We’re young, many of us already a generational fisherman, choosing to live just like our mothers and fathers and others choosing the life of their mentors and captains living amongst communities that pull their identities from the sea.  But let’s not lie to ourselves, not all fishermen are equal, and not all involved in the fisheries are faced with the same moral obligations to our interaction with the wild.  For something that is constantly giving, there is plenty to take away, but no resource is infinite.

I came to the conclusion of a definition of “sustainability” that I can agree with: something that takes, but also gives back.  We say sustainable fisheries, sustainable this and that, but are we ourselves “sustainable?”  Alaska Marine Conservation Council, along with the aid of many others, are supporting the next leaders of Alaska fisheries for these very reasons.

Bristol Bay fisherman, Mili Vukich, enjoys some of the marketing materials at the Boston Seafood Show.

Bristol Bay fisherman, Mili Vukich, enjoys some of the marketing materials at the Boston Seafood Show.

Our group came from different regions and fisheries. But with common desires and pursuits as young fishermen, we are giving tone to our voices.  The first stop on our three city trip was the Boston Seafood Expo 2016, where the big boys and girls are making mass commerce with all forms of seafood.  Our regional processors were present with their showcases of salmon, halibut, cod, pollock, crab, and any other wild Alaskan sea creature you could think of.

While speaking with Julianne Curry, a prominent industry member from Petersburg who is on the Alaska Seafood Marketing Institute salmon committee, she said something that was pretty spot on with the impressions that the Expo left with us. She said, “Boston is a big eye-opener that it isn’t about us, it’s about how they present our fish.”  And that can’t be more true.

Walking past one of the Alaska fish processor booths one of our group members was appalled by how Alaska wild salmon was showcased in comparison to the farmed Atlantic salmon.  Within the same booth too!  She expressed how she took such good care of her fish and how she was outraged about the crusty, headless, old, dry frozen salmon being presented in the wild case with it’s neighbor farmed salmon looking moist, perfectly filleted, and presented with pride.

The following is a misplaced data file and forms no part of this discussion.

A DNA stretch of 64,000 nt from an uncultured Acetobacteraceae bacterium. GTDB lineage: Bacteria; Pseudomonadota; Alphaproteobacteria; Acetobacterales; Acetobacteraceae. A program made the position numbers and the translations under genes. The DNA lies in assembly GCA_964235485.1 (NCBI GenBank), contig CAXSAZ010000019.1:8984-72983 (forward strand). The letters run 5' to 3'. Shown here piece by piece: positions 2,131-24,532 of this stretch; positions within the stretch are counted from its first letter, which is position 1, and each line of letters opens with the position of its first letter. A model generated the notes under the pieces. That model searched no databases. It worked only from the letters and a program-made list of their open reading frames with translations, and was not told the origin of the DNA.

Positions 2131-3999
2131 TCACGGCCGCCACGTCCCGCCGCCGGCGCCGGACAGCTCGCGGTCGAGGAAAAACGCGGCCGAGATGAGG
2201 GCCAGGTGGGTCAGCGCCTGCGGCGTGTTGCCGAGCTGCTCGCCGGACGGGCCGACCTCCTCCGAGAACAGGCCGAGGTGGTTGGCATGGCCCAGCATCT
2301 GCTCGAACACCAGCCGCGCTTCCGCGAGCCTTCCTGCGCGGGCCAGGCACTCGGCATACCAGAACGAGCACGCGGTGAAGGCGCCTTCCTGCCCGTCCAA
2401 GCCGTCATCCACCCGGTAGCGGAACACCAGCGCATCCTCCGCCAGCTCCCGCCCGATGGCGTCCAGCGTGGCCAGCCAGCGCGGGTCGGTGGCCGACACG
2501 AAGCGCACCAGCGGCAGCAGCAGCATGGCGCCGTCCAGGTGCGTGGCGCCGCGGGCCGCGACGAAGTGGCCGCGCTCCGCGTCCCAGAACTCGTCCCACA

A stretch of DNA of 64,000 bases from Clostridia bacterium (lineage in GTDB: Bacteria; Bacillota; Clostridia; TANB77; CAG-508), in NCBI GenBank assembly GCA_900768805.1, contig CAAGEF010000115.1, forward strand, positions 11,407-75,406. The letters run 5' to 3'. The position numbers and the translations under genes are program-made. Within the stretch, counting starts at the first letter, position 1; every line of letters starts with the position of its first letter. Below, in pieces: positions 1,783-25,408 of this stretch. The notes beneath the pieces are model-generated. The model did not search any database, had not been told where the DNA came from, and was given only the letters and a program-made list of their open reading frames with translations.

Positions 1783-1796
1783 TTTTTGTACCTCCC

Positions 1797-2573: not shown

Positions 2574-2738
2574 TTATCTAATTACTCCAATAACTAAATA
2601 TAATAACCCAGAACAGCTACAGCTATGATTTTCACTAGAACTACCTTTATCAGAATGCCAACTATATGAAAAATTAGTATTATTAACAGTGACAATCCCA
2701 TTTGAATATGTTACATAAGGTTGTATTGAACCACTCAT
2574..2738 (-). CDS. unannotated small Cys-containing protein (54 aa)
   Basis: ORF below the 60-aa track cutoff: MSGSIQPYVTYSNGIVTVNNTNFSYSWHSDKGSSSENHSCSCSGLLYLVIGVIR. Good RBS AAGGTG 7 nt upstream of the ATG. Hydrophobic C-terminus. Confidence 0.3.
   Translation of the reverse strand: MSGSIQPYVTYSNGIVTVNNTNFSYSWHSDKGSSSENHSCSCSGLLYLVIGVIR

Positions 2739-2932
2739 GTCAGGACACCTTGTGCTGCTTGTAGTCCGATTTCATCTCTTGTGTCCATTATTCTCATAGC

Fishermen from across Alaska on the Young Fishermen's Education Tour visit the ASMI booth at at the Boston Seafood Show.

Fishermen from across Alaska on the Young Fishermen’s Educational Tour visit the ASMI booth at at the Boston Seafood Show.

I myself couldn’t believe the amount of marketing dedicated to farmed fish, specifically salmon, within the Expo.  It must have been a ratio of around 10:1, farmed to wild, but the emphasis on wild was difficult to find in the maze of farmed fish vendors.  Once we had regrouped, mixed chatter resonated many similar concerns; that quality of fishing is just as important as quality of marketing.

But we didn’t furrow our eyebrows the whole three days in Boston. Other great conversations were carried as we met with young fishermen of east coast fisheries, slurped urchins and oysters with local seafood company, Red’s Best, and talked with members of the Cape Cod Fisheries Trust about fisheries access for our communities.  There was a definite air of mutual respect between fishermen and amongst fishermen and fishery defenders.

The group enjoyed getting to know more about local seafood business, Red's Best, during a reception at their headquarters.

The group enjoyed getting to know more about local seafood business, Red’s Best, during a reception at their headquarters.

Though if I think about my greatest take-away from the three days in Boston, it would be the quick camaraderie and in-depth conversations that we are having with one another. It’s impressionable for me to be in a community with other young Alaskan folk who are equally passionate and willing to go the large strides it will take to protect our fishing culture and lifestyle and make positive changes in our regions.  I’m proud to be associated with young people like this.

So with a head full of thoughts and opinions and experiences, we just landed in Washington D.C. for the next leg of our journey.

Young fishermen visit with the CEO of Bambino's Baby Food, Zoi Maroudas-Tziolas , a Symphony of Seafood winner.

Young fishermen visit with the CEO of Bambino’s Baby Food, Zoi Maroudas-Tziolas , a Symphony of Seafood winner.



**Follow along on the Young Fishermen’s Educational Tour on Facebook, Instagram, and Twitter at #nextgenfishtour.**

Young fishermen learn about fisheries access for communities,  regional fisheries policy , and mission-driven finance in Boston.

Young fishermen learn about fisheries access for communities, regional fisheries policy , and mission-driven finance in Boston.






Thanks to sponsors of the Young Fishermen’s Educational Tour: Salmon Sisters, Edible Alaska, United Fishermen of Alaska, BulletProof Nets, United Cook Inlet Drift Association, Marine Fish Conservation Network and many AMCC members!